I read that Japanese researchers have developed very sensitive camera that recorded bioluminescence in humans; is it possible and if so what is the mechanism behind it?

  • $\begingroup$ I assume blackbody radiation doesn't count? $\endgroup$
    – Shep
    May 8, 2012 at 8:43
  • $\begingroup$ We have more bacterial cells than eukaryotic cells in our bodies, so maybe some of them are bioluminescent? $\endgroup$
    – Rodrigo
    Apr 30, 2015 at 17:51

1 Answer 1


From the article you linked:

virtually all living organisms emit extremely weak light, spontaneously without external photoexcitation. This biophoton emission is categorized in different phenomena of light emission from bioluminescence, and is believed to be a by-product of biochemical reactions in which excited molecules are produced from bioenergetic processes that involves active oxygen species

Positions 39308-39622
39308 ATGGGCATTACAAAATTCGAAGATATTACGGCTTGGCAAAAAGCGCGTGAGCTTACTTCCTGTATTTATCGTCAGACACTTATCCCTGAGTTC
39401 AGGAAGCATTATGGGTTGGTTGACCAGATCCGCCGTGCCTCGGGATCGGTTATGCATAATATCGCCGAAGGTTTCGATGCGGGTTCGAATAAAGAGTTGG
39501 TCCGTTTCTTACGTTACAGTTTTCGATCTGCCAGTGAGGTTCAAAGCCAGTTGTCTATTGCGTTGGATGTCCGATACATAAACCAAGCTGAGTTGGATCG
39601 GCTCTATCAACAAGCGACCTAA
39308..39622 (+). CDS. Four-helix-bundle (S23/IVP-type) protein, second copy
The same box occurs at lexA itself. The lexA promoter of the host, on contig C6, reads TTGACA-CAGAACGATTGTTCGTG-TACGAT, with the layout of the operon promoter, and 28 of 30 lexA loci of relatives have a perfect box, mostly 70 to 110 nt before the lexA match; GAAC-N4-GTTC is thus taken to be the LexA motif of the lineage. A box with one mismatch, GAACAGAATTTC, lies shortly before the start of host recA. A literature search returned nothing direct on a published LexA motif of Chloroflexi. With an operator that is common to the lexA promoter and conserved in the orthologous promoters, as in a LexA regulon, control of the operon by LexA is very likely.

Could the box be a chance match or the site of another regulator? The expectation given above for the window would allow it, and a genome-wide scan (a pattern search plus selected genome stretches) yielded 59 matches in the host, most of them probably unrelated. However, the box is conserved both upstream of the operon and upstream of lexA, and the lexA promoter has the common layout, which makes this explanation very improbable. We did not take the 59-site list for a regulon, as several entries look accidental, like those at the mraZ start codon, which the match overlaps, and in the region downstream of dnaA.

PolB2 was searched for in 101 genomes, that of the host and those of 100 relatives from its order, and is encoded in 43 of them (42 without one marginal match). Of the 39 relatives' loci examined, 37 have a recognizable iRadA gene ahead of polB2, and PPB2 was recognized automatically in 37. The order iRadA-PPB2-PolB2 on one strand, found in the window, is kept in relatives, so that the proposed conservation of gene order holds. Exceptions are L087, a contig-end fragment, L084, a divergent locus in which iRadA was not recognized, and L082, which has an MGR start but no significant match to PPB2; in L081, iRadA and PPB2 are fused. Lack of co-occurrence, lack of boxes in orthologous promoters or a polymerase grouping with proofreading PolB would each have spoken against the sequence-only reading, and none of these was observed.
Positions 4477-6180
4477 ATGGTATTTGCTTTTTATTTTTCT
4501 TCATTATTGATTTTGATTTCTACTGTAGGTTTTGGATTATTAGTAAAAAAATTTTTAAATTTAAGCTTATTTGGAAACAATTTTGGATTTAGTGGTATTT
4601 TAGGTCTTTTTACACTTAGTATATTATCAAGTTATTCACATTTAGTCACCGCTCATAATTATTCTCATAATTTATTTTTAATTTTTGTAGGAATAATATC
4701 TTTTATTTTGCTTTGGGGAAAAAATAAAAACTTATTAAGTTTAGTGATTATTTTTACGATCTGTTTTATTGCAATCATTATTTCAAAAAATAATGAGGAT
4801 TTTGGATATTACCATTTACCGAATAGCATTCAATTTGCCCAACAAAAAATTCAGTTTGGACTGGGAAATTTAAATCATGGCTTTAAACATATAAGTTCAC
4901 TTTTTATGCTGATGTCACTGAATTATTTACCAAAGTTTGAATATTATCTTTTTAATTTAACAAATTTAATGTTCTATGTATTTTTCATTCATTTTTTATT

They reference these two works. The first is a 1988 review from Popp et al. (1988):

Biophoton emission - Experientia 44:543–600. (sorry, I cannot find the link to a full text...)

Fritz-Albert Popp is the biophysicist who first developed the biophoton theory.

The second work they reference is by the same first author:

In vivo imaging of spontaneous ultraweak photon emission from a rat's brain correlated with cerebral energy metabolism and oxidative stress. - Kobayashi M, et al.

Finally, a search in Pubmed reveals various other articles by different authors studying different species.


You must log in to answer this question.

Not the answer you're looking for? Browse other questions tagged .